The saint of the title (Bradford Dillman) begins as a very secular young man, eager to sign upfor the war in which the Pope is engaged. But it is during this conflict that he receives a visionfrom God, and renounces violence. This is perceived as cowardice by some (such as the father ofhis sweetheart) but as inspiring principle by others (such as said sweetheart, Dolores Hart). Thehumble holy man eventually runs up against politics within the Church.
Michael Curtiz …ave us Casablanca, Mystery of the Wax Museum andMildred Pierce (among others), so he can be forgiven for non-events such as this one.There’s all sorts of would-be epic grandeur, but the film is ponderous, and the casting is bizarre.Not satisfied with the unlikely Dillman as Francis, we are also given the sight of tough guy StuartWhitman in medieval costume (and just what kind of accent is he adopting here, anyway?) What,wasn’t Charles Bronson available to play the Pope?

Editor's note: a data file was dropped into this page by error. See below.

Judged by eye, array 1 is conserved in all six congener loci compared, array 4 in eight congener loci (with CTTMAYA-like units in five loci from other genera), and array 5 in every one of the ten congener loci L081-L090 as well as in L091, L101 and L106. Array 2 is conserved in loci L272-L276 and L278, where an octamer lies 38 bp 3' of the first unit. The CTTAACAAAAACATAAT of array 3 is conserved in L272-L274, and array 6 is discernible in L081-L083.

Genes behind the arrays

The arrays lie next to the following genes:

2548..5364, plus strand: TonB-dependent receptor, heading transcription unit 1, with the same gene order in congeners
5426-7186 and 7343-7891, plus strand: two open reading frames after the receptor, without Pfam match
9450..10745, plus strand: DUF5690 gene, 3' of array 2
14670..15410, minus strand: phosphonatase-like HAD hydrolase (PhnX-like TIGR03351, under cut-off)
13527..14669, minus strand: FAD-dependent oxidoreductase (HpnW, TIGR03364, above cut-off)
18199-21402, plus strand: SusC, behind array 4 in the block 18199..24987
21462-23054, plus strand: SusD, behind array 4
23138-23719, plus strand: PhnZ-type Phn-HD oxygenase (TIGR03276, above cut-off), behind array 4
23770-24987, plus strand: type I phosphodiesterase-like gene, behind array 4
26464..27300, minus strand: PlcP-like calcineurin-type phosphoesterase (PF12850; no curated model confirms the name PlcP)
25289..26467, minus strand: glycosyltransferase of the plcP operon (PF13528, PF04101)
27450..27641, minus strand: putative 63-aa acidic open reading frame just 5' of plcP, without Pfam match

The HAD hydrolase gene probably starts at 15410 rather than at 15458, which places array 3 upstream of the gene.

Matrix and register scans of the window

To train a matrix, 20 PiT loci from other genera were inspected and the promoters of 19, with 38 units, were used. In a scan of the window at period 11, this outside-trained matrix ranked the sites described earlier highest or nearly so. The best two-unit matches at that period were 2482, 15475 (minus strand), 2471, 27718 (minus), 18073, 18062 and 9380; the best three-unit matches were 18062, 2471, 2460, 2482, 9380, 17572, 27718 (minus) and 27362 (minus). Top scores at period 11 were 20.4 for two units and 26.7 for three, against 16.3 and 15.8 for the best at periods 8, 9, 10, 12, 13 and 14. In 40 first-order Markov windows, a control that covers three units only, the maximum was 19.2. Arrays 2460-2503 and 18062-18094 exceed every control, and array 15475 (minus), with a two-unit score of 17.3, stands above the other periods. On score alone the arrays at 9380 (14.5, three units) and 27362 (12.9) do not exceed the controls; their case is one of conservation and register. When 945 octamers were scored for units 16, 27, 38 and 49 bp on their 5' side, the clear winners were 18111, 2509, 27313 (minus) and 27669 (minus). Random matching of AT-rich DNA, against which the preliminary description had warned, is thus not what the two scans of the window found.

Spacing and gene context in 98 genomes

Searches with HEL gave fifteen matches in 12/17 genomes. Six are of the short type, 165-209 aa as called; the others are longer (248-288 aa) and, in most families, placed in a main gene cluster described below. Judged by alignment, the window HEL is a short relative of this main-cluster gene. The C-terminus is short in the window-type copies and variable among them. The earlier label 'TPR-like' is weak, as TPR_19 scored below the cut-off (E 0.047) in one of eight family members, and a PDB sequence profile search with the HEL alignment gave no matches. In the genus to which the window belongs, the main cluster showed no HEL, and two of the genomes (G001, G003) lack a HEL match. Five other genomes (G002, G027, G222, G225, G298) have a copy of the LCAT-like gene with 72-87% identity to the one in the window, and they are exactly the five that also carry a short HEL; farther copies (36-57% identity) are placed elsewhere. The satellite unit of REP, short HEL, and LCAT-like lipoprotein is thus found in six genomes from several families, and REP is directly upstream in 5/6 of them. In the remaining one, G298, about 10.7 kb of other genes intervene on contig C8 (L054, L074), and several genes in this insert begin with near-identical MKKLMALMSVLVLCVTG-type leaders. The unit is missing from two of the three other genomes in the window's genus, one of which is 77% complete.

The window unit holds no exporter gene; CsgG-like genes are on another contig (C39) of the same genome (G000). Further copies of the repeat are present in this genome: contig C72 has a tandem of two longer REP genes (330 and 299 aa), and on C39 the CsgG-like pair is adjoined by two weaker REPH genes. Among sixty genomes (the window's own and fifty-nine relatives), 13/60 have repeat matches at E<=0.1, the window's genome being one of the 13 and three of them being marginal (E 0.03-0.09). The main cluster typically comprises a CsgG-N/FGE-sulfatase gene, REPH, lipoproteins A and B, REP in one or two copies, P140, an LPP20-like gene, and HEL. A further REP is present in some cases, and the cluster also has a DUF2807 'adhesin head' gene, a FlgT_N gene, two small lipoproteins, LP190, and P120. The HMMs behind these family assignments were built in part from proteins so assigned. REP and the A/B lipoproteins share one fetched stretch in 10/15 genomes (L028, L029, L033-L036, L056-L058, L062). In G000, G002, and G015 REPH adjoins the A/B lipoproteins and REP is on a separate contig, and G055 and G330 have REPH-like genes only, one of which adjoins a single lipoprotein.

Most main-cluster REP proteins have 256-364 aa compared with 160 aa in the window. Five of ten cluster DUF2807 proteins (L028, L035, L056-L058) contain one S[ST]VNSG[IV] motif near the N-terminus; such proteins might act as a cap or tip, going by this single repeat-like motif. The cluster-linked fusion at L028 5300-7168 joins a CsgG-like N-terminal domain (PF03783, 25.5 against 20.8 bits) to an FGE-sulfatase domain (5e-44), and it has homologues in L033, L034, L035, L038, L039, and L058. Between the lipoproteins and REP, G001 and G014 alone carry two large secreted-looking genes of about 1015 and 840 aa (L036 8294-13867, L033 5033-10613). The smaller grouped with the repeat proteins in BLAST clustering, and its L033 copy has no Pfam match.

The audio is in both the original mono and 4.0. The latter has a few surround elements, butthey are few and far between. Even the music is far from enveloping. Granting that this is a 40+year-old film, I have still heard more exciting remix tracks. But if it doesn’t do anything veryimpressive, it doesn’t do anything wrong, either, and there are no inappropriate surroundmoments.
The print is in very good shape, with no damage or dirt to speak of. Nor is there anynoticeable grain or edge enhancement. The colours are decent, if not always very vibrant, and theimage is a bit on the soft side. Still, a solid transfer of a good print. The aspect ratio is not, asindicated, 1.85:1, but is the full CinemaScope 2.35:1.
Not much: two Movietone News segments, and the theatrical trailer. The menu is basic.
If you like period pieces, this has a certain built-in entertainment value, plus there’s the weirdcasting. Otherwise, this is a bit of a slog.
Special Features List
- Movietone Newsreels
- Theatrical Trailer